Review by Publisher's Weekly Review
Set in Saudi Arabia during the boom created by soaring oil prices in the 1980s, this sinuously crafted tale by Hawthorndon Award winner Mantel (for An Experiment in Love) uses the outsider status of a British woman and the minutiae of her daily life to mask and eventually reveal a chilling situation. Mantel builds a sense of disorientation, claustrophobia and paranoia in rendering the abysmal quotidian existence of Frances Shore. A cartographer, Frances has followed her civil engineer husband, Andrew, to the Red Sea port Jidda, where he is engaged in a lucrative construction project. Shunning the expatriate housing compound, the Shores move into a grim four-flat building on Ghazzah Street. Shut out from practicing her profession by the severe, ultra-sexist legal code of Saudi Islam, Frances writes in a journal and observes a domestic scene that comes to seem more and more ominous as she struggles to define the ever-shifting line between private morality and public order. A nonperson in the Muslim world, Frances is unable to break through a wall of prejudice about Westerners to come to a common understanding with her neighbors. She becomes hyperconscious of suspicious goings-on in their building, including a shadowy figure carrying a gun in the hallway. This story of a place where puzzles are "more apparent than real" ends provocatively with more questions than answers. Mantel's relentless pounding away at Frances's stultifying life offers a bit of misdirection, enabling the mystery to sneak towards its conclusion with disconcerting stealth. With marvelously understated wit, Mantel chronicles a world of teas and dinner parties that eventually coalesce into a sinister story of horror just beyond a veil. (Aug.) FYI: Mantel was only the third woman to win the Hawthorndon award in its 80-year history. (c) Copyright PWxyz, LLC. All rights reserved
(c) Copyright PWxyz, LLC. All rights reserved
Review by Library Journal Review
This excellent British novelist, winner of Britain's Hawthornden Prize, makes her U.S. debut with these two trade paperback editions. Eight Months on Ghazzah Street tells in harrowing, you-are-there style the story of a British cartographer who follows her engineer husband to a job in Saudi Arabia. The claustrophobic world in which she finds herself is hostile to expatriate workers and particularly to women, and the isolated apartment building in which they live seems to hide ominous secret affairs. Frances struggles to understand the lives of her Muslim neighbors but is deeply disturbed by the climate of fear around her. A Change of Climate concerns the loss of faith of an upright Christian couple, Ralph and Anna, who have raised their four children and led exemplary lives but are haunted by a missionary trip to Africa in their youth. Mantel does a superb job of re-creating these foreign cultures as seen through British eyes and has a precise insight into the vagaries of humanity that will delight Barbara Pym fans.Ann H. Fisher, Radford P.L., Va. (c) Copyright 2010. Library Journals LLC, a wholly owned subsidiary of Media Source, Inc. No redistribution permitted.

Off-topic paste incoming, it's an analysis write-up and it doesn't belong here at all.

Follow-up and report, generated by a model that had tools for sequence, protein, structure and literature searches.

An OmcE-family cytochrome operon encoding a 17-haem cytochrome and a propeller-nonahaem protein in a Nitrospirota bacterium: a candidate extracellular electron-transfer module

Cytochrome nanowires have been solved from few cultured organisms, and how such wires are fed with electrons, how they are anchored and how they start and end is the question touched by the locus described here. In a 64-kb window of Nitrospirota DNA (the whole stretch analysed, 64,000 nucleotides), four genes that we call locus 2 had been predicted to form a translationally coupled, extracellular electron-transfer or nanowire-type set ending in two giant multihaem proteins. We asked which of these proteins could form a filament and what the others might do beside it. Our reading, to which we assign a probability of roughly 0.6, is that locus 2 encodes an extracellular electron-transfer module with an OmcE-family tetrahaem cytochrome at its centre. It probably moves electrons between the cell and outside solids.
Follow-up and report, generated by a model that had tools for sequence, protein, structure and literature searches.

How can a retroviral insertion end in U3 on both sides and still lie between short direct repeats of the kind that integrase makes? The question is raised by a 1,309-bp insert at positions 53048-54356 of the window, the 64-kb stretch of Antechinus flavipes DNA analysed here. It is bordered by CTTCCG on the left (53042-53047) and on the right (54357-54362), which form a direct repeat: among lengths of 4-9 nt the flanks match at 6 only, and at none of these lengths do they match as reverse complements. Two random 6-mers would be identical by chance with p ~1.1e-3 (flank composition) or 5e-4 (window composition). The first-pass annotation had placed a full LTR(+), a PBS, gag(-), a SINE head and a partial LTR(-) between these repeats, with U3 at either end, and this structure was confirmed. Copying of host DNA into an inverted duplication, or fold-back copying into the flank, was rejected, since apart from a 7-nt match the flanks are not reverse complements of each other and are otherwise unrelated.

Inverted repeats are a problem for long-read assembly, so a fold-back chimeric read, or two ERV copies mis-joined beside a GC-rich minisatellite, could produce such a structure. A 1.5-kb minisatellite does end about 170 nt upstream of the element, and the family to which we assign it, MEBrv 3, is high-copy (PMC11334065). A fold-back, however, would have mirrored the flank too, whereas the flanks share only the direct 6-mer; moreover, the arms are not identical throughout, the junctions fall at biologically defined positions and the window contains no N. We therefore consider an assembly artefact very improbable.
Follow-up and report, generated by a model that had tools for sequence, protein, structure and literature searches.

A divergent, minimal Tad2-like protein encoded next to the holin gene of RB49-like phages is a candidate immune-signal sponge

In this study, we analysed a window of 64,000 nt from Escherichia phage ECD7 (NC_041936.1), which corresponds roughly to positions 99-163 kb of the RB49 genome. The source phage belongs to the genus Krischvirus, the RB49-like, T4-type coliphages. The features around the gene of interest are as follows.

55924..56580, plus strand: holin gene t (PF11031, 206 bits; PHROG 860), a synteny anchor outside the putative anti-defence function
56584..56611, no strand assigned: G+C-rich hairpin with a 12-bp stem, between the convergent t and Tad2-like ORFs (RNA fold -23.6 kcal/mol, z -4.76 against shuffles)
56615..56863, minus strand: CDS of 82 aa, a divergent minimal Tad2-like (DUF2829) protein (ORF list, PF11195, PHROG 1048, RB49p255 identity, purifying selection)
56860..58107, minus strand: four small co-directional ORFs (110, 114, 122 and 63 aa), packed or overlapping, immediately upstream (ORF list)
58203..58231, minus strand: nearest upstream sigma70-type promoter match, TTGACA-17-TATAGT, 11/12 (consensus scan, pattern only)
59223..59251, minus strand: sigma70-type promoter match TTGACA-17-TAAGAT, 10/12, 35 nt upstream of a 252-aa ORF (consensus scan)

(c) Copyright Library Journals LLC, a wholly owned subsidiary of Media Source, Inc. No redistribution permitted.
Review by Kirkus Book Review
A chilling portrait of an authoritarian society as a young Englishwoman moves with her husband into a Saudi Arabian neighborhood and finds murder lurking behind the shuttered windows and closed doors. Mantel's third novel, published in 1988 in England and now being issued here (along with her sixth--see above--also previously unseen here), splendidly evokes the constrained life of the expats in a feudal Islamic society where boredom is endemic, rumors of rebellion commonplace, and the police feared. Andrew, a civil engineer, and Frances met and married in Africa but come to Jeddah--a place of blinding heat, ugly buildings, and underlying menace--when Andrew accepts a job with an international construction company. The company owns the apartment the Shores move into; it happens to be in an Arab neighborhood, and Frances is largely isolated. She begins a diary recording her impressions; makes friends with Yasmin and Samira, two young married Islamic women on the block; and wonders about the supposedly empty apartment above hers and Andrew's, from which she's certain that she's heard sobbing. Yasmin and Samira, western-educated but strong defenders of Islam, tell her the apartment belongs to a powerful Saudi man who's installed his mistress there. As the months pass, Frances tries to adjust to a society where women are treated as inferiors and the slightest infraction of Islamic law can lead to imprisonment, or worse. She sees men with rifles in the streets outside and is sure Yasmin and Samira are lying to her--suspicions that prove horrifyingly right when a British guest of theirs is murdered, Yasmin's husband is shot, and Frances's neighbors turn out to have bloody secrets of their own. At once a riveting thriller and a subtle political tale, set in a place as harsh and unforgiving as the desert. Copyright ©Kirkus Reviews, used with permission.
Copyright (c) Kirkus Reviews, used with permission.